In the case of the sextortion campaign analyzed by Barracuda, add in the psychologically compelling double whammy of leaked passwords and the supposed video of the recipient viewing online pornography.

"Providing something that is intended to be secret - i.e. the user's password - not only causes worry or fear, but it also may cause them to assume that claims to know other information intended to be secret - i.e. their 'internet browsing habits' - are also legitimate," Barracuda's Tanner says. "The contradiction that porn is both widely popular yet taboo in many areas certainly increases the potential of success for this campaign as well."

Reveton Tactic Redux

Such scams are nothing new. In 2012, for example, the FBI's Internet Crime Complaint Center - IC3 - warned that a strain of ransomware called Reveton was freezing PCs and posting a warning, badged with the FBI or Department of Homeland Security logo, saying they'd accessed "prohibited pornographic content." The PC lockscreen included a "pay MoneyPak" code-entry box so victims could unlock their systems.

A 2012 example of Reveton screen-locking ransomware's FBI-badged shakedown attempt (Source: ESET)

At the time, attackers used MoneyPak, which bills itself as being the world's largest prepaid debit card company, to receive funds from victims, which they could load onto a debit card for money mules to withdraw (see: Researcher: Cryptolocker Not Dead Yet).

Since then, online extortionists have largely switched to virtual currencies and demanded payoffs in bitcoin, dash or other cryptocurrencies.

But many of their tactics remain the same.

One mitigating factor in this ongoing sextortion scam, however, is that the attackers' emails are beset by poor grammar, Tanner notes, "which is a common sign of any phishing-based scam," provided the recipient spots it of course. In addition, the password list is somewhat outdated, meaning it's possible the user will have changed it. Attackers are also "relying on a gamble that the user has, in fact, been to a porn site recently," he says.

Then again, attackers don't need to snare every victim. And even if the victim has never visited such a site, merely the threat of their having done so might be sufficient to get them to pay off their attacker.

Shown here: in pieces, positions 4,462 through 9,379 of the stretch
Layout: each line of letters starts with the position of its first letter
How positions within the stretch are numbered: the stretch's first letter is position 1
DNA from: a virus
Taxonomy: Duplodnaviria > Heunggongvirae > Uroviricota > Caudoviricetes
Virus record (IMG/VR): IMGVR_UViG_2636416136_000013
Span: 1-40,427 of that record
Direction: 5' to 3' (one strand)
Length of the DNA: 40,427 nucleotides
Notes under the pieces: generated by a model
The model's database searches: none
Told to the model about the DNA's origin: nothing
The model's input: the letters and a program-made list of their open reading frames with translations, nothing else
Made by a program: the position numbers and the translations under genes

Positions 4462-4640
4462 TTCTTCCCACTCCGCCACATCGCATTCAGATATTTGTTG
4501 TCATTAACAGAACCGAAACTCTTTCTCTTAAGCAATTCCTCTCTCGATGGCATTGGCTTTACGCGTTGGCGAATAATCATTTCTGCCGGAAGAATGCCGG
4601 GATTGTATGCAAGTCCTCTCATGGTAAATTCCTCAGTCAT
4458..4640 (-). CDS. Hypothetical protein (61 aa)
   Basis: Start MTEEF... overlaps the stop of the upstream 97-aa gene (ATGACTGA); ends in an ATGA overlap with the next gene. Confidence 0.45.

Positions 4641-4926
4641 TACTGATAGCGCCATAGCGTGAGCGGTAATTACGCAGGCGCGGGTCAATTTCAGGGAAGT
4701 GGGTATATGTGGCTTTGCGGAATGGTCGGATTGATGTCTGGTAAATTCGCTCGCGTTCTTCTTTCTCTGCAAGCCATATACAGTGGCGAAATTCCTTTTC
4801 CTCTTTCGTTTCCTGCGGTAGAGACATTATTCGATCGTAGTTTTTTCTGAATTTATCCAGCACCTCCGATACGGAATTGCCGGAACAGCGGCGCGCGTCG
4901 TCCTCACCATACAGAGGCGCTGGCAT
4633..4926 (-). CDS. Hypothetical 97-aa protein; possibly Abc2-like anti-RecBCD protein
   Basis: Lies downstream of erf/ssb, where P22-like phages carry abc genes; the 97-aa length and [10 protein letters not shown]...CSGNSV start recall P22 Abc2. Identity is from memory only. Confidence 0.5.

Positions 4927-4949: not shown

As with so many things "cyber," the only thing that's internet-enabled about this particular crime is that it arrives via email, and drops an old, leaked password tied to the recipient's email address.

Everything else is down to age-old psychological manipulation.

Sanity Check

This sextortion attack campaign is a reminder to practice good cybersecurity hygiene, Tanner notes. Start here:

  • Track breaches: Register your email address at Have I Been Pwned to get alerts when public dumps of passwords appear, thus allowing you to change it at the affected site.
  • Use password managers: Always use a password manager to generate long and strong passwords and use a unique one for every different site you use. Some password managers tie into Have I Been Pwned to automatically notify you when a new breach has come to light and you should change your password.
  • Cover up: Cover the webcam on your laptop or PC.
  • Stop and search: Never react out of fear, especially before running a web search. "Doing web searches for key phrases in suspect emails may help to verify that a scam is taking place or at least increase awareness of the attack," Tanner says.

About the Author

Mathew J. Schwartz

Mathew J. Schwartz

Executive Editor, DataBreachToday & Europe, ISMG

Schwartz is an award-winning journalist with two decades of experience in magazines, newspapers and electronic media. He has covered the information security and privacy sector throughout his career. Before joining Information Security Media Group in 2014, where he now serves as the executive editor, DataBreachToday and for European news coverage, Schwartz was the information security beat reporter for InformationWeek and a frequent contributor to DarkReading, among other publications. He lives in Scotland.